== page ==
Minister of Environment and Minister of Health's response to concerns raised by International academy of oral medicine and toxicology and Canadian council of oral medicine and toxicology

June 12, 2012

Dr. Nestor B. Shapka
President of the Canadian Council of Oral Medicine and Toxicology
Vice-President of the International Academy Oral Medicine and Toxicology
5029 50 Avenue
P.O. Box 5245
Bonnyville AB T9N 2G4

Dear Dr. Shapka:

We are responding to the Notice of Objection and request for a Board of Review that you filed during the consultation period following publication of the proposed Regulations Respecting Products Containing Certain Substances Listed in Schedule 1 to the Canadian Environmental Protection Act, 1999 (CEPA 1999) (the Regulations) in the Canada Gazette, Part I, on February 26, 2011.

We have carefully considered the issues identified in your Notice of Objection and request for a Board of Review regarding the exemption for dental amalgam in the proposed Regulations.

As set out in CEPA 1999, the mandate of a Board of Review in this instance is to inquire into the nature and extent of the danger posed by the substance in respect of which the regulation is proposed. We are of the view that your Notice does not bring forth any new scientific data or information with respect to the nature and extent of the danger posed by mercury.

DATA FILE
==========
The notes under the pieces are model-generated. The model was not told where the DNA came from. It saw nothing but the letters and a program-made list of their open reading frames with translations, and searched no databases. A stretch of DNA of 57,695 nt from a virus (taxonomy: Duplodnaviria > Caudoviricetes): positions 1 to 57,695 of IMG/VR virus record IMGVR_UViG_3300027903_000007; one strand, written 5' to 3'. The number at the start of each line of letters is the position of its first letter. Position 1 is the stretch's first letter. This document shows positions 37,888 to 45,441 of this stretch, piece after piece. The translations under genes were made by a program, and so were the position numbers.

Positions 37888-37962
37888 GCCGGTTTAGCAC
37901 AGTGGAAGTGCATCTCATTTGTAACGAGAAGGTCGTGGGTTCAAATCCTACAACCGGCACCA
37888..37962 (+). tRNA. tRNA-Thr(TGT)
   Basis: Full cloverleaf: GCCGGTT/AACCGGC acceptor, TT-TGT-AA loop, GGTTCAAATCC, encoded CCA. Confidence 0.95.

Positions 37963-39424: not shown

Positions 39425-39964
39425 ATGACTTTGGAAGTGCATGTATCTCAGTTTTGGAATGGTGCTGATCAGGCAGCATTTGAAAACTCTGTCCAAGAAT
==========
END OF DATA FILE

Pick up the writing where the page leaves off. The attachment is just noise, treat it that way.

Health Canada has concluded that mercury levels in the body from dental amalgam do not approach those recognized to cause illness, and that it is essential from a public health perspective that all Canadians continue to have access to dental amalgam, a safe, cost-effective and responsible choice of dental restorative material. In addition, the appropriate choice of risk management instruments in relation to a substance is beyond the mandate of a Board of Review. Therefore, we wish to inform you that we will not be establishing a Board of Review.

Management of mercury releases remains an issue of importance for the Government of Canada. Indeed, mercury releases from dental amalgam waste are currently being managed under CEPA 1999 through a Pollution Prevention Planning Notice. In addition, Health Canada has established recommendations on the use of dental amalgam for the dental profession, while remaining respectful of the fact that the practice of dentistry is not regulated at the federal level.

Please be assured that the Government of Canada is committed to consulting with all stakeholders and the public on the development of these regulations, and that any issues brought forth will continue to be considered in an open and transparent manner. To that end, in November 2011 Environment Canada and Health Canada published a Response to Comment document that summarizes the feedback received during the consultation period and describes how these matters will be addressed in the final Regulations, including the decision to maintain the exemption for dental amalgam. The document is available on Environment Canada’s Mercury and the Environment website.

We appreciate your bringing the concerns of the Canadian Council of Oral Medicine and Toxicology and the International Academy Oral Medicine and Toxicology to our attention, and look forward to working with you in the future on environmental or human health matters of mutual interest.


The Honourable Peter Kent, P.C., M.P.

The Honourable Leona Aglukkaq, P.C., M.P.

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